It is no surprise that often a new form of virus or a bacteria possesses a threat to mankind and causes an epidemic that is hard to contain. As the human population grows the complexity of providing advanced healthcare grows too. No sooner that one problem is solved another one takes it’s place.
Recently on 31st-Jan-2019 the first case in the Wuhan, Hubei Province of China was reported and since then the virus has spread to various other countries. The first case in USA was identified on 21st-Jan-2020, and there are on going investigations to learn more.
This virus is particularly dangerous and lethal and so new that it does not even have a name yet. 2019 Novel Coronavirus (2019-nCoV) has spread through the respiratory illnesses, and has some link to a large seafood and animal market in Wuhan (China), suggesting animal to person spread.
A growing number of people have reported no exposure to animal markets which suggests human to human spread has occurred already.
This virus is a group of animal viruses which affects mammals and birds that include diarrhea in cows and pigs, and upper respiratory disease in chickens. In humans the respiratory infections are lethal.
The name is derived from it’s characteristic appearance of ring shaped crown or halo. Through electron microscopy it seems to have viral spike which are proteins that populate the surface of the virus and determines host tropism.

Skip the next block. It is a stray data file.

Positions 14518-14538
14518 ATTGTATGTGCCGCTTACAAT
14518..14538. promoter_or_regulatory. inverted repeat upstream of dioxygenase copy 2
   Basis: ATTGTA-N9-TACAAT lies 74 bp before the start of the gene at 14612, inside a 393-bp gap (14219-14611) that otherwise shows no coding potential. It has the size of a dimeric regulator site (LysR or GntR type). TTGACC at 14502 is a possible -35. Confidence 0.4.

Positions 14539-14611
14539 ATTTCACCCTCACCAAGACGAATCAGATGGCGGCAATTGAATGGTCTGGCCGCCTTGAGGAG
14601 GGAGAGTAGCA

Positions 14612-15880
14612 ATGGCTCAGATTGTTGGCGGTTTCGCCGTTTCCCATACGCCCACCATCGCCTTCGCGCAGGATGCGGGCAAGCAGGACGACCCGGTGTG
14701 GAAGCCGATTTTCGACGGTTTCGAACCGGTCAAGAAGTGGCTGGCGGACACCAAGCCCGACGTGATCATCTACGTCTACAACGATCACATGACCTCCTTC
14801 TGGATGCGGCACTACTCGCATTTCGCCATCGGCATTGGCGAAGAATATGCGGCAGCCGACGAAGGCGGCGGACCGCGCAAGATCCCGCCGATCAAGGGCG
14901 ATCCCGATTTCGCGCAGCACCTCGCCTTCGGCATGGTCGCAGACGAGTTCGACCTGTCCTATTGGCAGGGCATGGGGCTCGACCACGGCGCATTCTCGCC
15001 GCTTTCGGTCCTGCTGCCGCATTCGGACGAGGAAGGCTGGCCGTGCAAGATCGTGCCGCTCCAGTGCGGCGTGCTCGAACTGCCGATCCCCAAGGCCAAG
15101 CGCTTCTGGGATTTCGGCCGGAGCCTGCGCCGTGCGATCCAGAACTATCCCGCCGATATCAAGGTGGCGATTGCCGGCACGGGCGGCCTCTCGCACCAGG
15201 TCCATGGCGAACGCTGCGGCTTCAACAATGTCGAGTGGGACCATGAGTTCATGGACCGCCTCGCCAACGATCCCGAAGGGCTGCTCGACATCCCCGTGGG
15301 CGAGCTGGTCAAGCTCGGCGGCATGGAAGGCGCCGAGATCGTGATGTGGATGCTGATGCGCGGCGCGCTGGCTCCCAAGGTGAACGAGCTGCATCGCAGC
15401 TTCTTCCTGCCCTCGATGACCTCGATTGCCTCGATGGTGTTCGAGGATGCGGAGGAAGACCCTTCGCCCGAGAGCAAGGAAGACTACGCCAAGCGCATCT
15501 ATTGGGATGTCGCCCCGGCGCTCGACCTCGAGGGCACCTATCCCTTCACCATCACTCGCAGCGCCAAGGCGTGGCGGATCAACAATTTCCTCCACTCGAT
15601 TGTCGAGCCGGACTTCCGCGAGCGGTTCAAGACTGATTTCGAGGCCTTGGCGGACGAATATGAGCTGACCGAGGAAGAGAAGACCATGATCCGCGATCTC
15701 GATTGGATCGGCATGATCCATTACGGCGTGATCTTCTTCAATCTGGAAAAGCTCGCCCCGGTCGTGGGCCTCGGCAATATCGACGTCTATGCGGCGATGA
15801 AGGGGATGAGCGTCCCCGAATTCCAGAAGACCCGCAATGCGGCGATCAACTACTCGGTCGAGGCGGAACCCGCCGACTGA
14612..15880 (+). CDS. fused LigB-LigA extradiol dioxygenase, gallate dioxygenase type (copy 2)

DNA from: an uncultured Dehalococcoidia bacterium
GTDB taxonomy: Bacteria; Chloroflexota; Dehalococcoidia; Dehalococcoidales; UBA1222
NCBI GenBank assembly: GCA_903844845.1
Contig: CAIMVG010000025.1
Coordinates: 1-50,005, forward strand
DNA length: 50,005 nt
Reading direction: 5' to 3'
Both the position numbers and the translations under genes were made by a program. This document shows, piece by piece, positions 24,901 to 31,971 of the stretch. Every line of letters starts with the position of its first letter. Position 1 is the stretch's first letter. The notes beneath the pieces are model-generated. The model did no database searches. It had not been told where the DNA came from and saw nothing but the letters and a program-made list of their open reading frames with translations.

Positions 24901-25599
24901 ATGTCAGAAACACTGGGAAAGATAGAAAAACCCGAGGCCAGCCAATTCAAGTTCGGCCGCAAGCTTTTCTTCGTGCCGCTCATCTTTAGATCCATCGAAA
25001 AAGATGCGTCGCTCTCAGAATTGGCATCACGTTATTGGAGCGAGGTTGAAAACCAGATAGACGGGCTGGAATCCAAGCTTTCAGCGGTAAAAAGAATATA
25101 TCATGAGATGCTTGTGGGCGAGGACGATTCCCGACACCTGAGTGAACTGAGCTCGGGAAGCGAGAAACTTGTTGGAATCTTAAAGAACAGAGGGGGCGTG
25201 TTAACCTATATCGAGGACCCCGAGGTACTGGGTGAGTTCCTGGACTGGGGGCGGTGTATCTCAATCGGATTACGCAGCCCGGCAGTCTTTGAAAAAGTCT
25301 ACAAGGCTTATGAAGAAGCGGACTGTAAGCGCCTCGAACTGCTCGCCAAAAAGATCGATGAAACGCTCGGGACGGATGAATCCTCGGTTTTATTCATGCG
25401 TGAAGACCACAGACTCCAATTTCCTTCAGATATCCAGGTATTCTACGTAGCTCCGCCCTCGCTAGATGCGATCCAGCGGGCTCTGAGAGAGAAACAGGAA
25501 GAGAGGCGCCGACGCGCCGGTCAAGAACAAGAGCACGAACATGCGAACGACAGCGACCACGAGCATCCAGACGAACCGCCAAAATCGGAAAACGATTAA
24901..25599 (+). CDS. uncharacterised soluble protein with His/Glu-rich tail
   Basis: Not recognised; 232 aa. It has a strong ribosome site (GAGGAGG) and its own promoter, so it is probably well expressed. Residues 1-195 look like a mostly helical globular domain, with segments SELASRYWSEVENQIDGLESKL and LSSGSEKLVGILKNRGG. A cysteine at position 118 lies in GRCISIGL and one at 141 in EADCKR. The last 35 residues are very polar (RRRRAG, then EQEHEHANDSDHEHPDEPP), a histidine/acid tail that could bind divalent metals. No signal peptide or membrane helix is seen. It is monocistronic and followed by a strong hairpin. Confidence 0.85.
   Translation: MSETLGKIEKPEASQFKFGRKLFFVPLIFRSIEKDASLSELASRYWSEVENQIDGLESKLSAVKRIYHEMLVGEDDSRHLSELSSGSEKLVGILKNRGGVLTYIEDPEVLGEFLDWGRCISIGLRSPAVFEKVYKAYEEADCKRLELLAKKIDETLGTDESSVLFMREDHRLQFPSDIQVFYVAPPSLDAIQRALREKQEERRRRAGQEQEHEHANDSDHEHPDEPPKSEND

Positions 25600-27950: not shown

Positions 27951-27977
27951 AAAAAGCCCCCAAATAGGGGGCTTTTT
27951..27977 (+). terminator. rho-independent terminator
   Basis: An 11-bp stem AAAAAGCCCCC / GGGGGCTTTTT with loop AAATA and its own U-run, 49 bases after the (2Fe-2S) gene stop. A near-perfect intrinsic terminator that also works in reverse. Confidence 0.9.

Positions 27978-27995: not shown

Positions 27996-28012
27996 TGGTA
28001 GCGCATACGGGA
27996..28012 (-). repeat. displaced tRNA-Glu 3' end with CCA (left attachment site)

Symptoms & Complications
Patients with confirmed diagnosis infection have mild to severe respiratory illness with symptoms of
- shortness of breath
- sore throat
- Acute respiratory distress syndrome
The symptoms may appear in as few as 2 days or as long as 14 after exposure. This is based on what has been previously as the incubation period of MERS (Middle east respiratory syndrome) viruses.
The transmission spread has occurred and it is thought to have happened via respiratory droplets produced when a person infected coughs or sneezes, similar to how influenza and other respiratory pathogens spread.
Complications can be – bronchitis, pneumonia, and lower respiratory tract infections.
People with cardiopulmonary disorders are at more risk, and with weakened immune systems.
There is currently no vaccine to prevent 2019-nCoV infection. To avoid being exposed to this virus is the best way.
- Washing your hands often with soap and water for at least 20 seconds, an alochol based sanitizer can also work.
- avoid touching your eyes, nose, mouth with unwashed hands
- avoid close contact with people who are sick
- stay home when you are sick
- cover your cough and sneeze with a tissue then throw the tissue in the trash
- clean and disinfect frequently touched objects and surfaces
There is no specific antiviral treatment recommended for 2019-nCoV infection, people infected should be given supportive care to relieve the symptoms. Vital organ support should be provided in severe cases. Worldwide scientists and doctors are working to find a vaccine or a cure to curb this soon to be epidemic.